“Headlights” by Eminem (ft. Nate Ruess)
Eminem can be a loudmouth at times. This was especially true earlier in his career when he even attracted the ire of politicians and society at large. But millions of fans felt him nonetheless, deeming some of the statements he made as speaking to the realities of the society we live in.
But other comments have not been so easily forgotten, particularly when it came to Shady dissing specific individuals. One needs to only look at his more-recent beef with Nick Cannon in 2019/2020 as a prime example of Eminem disses gone wrong. And as is well known, Slim has even crossed the sacred line of negatively criticizing his own mother on record. He did so on quite a few tracks, most notable amongst them being of course 2002’s Cleanin’ Out My Closet. But at the end of the day Eminem has proven that he does in fact have a normal human heart. For not only has he grown to absolutely detest the aforementioned song, but he also sought to make things right with his mother, once again on record, via 2013’s Headlights. In fact someone like Eminem actually stepping back to apologize to someone he offended in such a manner, even if it’s his own mom, was deemed “most shocking” by the likes of Rolling Stone.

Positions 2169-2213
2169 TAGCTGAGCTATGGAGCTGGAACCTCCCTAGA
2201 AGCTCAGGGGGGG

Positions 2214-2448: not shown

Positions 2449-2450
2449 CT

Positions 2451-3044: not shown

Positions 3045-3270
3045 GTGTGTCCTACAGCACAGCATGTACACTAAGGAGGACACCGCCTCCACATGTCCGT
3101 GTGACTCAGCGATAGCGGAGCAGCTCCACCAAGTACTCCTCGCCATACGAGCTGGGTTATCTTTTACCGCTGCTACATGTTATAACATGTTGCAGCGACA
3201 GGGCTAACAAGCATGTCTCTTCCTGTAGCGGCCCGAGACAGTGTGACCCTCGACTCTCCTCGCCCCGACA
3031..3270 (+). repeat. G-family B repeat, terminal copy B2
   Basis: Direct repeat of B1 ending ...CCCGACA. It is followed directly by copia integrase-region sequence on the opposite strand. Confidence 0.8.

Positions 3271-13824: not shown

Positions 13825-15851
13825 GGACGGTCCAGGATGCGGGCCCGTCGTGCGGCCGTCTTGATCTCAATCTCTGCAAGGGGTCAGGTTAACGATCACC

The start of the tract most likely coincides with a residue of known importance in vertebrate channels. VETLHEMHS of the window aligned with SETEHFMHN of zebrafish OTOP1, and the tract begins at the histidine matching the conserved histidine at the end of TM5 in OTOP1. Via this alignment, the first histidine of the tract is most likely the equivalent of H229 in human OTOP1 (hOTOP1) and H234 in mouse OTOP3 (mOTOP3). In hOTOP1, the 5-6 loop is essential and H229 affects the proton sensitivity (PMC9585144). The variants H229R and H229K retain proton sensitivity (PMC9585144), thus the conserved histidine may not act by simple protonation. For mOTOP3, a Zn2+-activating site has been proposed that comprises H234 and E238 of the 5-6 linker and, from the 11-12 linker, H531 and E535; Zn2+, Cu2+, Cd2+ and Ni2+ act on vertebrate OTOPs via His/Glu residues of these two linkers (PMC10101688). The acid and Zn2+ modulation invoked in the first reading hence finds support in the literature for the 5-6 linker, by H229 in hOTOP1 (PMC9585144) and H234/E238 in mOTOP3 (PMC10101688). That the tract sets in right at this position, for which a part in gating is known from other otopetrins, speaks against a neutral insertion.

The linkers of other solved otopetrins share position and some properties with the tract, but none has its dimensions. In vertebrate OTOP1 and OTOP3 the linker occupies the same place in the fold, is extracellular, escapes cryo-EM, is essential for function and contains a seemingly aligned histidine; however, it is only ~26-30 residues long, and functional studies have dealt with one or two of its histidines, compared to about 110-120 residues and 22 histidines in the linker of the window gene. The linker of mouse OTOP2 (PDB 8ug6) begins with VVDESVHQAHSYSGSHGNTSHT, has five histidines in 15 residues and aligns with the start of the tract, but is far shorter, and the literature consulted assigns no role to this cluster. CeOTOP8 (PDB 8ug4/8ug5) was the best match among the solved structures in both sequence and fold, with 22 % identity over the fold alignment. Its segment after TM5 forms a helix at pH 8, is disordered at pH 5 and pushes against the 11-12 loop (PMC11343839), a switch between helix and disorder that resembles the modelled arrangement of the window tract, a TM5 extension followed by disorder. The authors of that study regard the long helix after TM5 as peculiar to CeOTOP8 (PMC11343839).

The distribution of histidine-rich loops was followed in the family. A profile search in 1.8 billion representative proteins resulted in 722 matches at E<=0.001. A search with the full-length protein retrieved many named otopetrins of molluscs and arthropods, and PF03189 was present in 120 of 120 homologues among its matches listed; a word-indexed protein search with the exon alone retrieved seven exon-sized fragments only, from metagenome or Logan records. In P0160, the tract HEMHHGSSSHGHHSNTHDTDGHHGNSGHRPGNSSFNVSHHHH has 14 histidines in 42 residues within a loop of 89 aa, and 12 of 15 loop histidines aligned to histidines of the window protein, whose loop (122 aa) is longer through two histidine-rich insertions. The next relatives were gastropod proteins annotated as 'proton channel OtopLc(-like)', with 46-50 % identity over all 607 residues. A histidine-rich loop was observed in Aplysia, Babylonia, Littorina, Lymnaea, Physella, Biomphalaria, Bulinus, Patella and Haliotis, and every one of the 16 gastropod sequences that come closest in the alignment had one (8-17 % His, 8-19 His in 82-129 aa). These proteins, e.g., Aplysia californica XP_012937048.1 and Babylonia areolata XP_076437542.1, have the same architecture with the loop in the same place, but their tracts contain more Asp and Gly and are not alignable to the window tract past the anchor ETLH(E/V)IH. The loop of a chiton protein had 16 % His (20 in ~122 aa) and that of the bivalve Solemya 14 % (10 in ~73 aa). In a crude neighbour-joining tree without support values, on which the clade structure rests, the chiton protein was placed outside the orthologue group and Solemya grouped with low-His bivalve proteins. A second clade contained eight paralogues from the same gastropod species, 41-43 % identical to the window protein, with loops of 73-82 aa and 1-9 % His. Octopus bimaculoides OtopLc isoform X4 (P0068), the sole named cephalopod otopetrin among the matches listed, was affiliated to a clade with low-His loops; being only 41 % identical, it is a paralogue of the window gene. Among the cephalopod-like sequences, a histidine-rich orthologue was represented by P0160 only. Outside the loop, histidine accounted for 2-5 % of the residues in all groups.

Like Cleanin’ Out My Closet, Headlights is primarily biographical in its approach. Eminem sets off the track by once again harping on his less-than-ideal upbringing. Or looked at alternatively, even if he is apologizing to his mom it is still pretty clear that he harbors ill feelings about the way she treated him during his childhood. But this time, in the chorus he shares the blame for their fractured relationship.